The Household of God
The early history of mankind
- Chapter 109 -
THE PATRIARCHS' REST UNDER THE BREADFRUIT TREE
With such discussions the patriarchs had already covered half the distance and Adam wished to rest a little, for by your reckoning it was now eleven o'clock and the sun began already to send hot rays to the earth.
Therefore, a little bodily rest for old Adam in the cooling shade of a big Bahania tree with many trunks was most desirable. It was certainly the right place, firstly to regain strength, secondly because of the coolness and thirdly because of a very fresh and abundant spring well known to all the patriarchs and to which Adam had always attributed a particularly invigorating quality.
Here the patriarchs sat down and praised and glorified Me from the bottom of their hearts. And all those who had already recognized Me rejoiced, except for Seth to a certain extent, for his promise to Enos oppressed his heart enormously.
Adam soon noticed that something was wrong with Seth, and he asked him: "Listen, my beloved son, tell me what is worrying you.
"For you are breathing like someone who is calculating where there are no numbers or nothing he would like to count. What is the matter? Do open your mouth before me and your heart before Him who is walking in our midst Amen."
Seth became even more embarrassed because Enos was beside him, and he was unable to utter a single word.
Only now did Asmahael step into their midst and help the poor Seth out of his dilemma with the following words:
"If someone is trapped in one or the other way, be it through word or deed, because he is not so eloquent as the one who trapped him, the fault does not lie with the trapped one, but with the one who trapped him.
"For if a wolf catches a slow donkey whose legs are slower than those of the agile wolf, who could blame the donkey for having let itself be caught and hurt by the wolf? Obviously the much faster wolf is solely responsible for this catch since it made use of its agility in the wrong place when it should have done so only where it could have matched its speed with stags, deer, mountain antelopes and other fast animals of the forests.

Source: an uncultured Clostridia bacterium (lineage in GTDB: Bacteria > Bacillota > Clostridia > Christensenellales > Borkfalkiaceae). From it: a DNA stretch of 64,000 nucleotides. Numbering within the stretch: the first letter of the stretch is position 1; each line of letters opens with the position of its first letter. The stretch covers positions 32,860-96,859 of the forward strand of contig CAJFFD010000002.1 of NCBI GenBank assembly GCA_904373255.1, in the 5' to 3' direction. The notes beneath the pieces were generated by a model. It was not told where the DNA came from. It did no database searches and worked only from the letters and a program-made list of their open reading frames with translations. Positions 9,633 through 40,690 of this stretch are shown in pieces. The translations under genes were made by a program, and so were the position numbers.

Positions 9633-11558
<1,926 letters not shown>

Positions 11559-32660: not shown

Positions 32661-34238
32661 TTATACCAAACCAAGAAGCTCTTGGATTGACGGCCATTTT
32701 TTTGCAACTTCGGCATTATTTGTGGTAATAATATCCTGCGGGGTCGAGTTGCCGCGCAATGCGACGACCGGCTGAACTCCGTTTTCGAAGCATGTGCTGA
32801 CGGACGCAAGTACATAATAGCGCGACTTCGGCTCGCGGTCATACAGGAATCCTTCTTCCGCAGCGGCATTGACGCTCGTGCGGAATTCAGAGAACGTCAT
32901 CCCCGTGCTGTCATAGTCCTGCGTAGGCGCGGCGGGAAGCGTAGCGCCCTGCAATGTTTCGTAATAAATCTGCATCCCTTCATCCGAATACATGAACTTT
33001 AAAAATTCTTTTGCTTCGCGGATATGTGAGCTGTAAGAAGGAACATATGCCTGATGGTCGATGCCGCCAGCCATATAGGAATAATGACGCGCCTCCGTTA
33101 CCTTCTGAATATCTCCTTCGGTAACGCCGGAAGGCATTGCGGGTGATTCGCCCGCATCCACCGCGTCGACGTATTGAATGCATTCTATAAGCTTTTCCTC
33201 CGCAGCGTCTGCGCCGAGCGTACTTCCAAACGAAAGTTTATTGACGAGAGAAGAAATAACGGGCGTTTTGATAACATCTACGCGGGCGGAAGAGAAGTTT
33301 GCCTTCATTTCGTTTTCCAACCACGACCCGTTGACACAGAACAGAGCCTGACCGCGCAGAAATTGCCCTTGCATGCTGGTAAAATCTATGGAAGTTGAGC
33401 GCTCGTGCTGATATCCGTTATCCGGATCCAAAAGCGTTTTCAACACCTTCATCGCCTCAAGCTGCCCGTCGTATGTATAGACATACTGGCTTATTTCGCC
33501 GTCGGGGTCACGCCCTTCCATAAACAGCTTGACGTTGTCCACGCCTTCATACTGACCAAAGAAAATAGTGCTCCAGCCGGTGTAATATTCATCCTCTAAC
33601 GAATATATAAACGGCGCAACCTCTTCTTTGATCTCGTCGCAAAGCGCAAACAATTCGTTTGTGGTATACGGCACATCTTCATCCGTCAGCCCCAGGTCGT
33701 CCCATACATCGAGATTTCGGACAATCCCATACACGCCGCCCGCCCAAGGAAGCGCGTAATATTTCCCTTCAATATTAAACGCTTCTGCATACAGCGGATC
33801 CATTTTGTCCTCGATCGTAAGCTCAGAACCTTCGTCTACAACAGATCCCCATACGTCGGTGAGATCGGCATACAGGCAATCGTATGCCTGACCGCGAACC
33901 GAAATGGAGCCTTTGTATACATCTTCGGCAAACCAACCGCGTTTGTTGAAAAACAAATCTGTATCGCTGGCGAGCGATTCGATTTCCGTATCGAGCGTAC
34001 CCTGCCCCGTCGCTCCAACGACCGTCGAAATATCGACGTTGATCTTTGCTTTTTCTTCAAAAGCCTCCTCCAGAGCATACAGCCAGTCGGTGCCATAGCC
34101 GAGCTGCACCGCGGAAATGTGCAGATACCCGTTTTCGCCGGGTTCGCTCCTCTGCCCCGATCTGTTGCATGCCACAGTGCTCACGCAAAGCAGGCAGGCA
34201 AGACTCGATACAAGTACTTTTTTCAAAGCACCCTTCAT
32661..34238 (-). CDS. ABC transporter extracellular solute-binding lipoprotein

"If a wolf for its own pleasure allows a donkey to catch it and then the latter in its awkwardness smashes the wolfs head with its hard hoof, in that case, truly, it is the fault of the wolf that willingly let itself be caught if the donkey's awkwardness has ruined it. Seth, do you understand this picture?
"How do you like the wolf and how the donkey? And if you have any wisdom, what has entangled your feet that in your sly scheme you did not also take into account what the donkey will do when it catches up with the wolf that appears so careless?
"Behold, it is not the law, as you plaintively thought, but only the folly that punishes itself thus.
"Who told you to ask the still blind Enos about that which you were commanded by God not to reveal for the time being?
"Behold, in slyness there does not lie even a spark of wisdom, for there is a great difference between humble prudence and slyness. Prudence goes it's way safely, whereas slyness often has to surrender to folly.
"In this instance you will be helped because you did this out of love. But for the future make sure that your donkey does not come too close to your head with its hoof, otherwise you might fare like the wolf.
"And you, Enos, wait for the answer until tomorrow, and you shall be the last one to receive it because you justified yourself before your father and gave anxiety to his heart. Therefore, wait until tomorrow. Amen."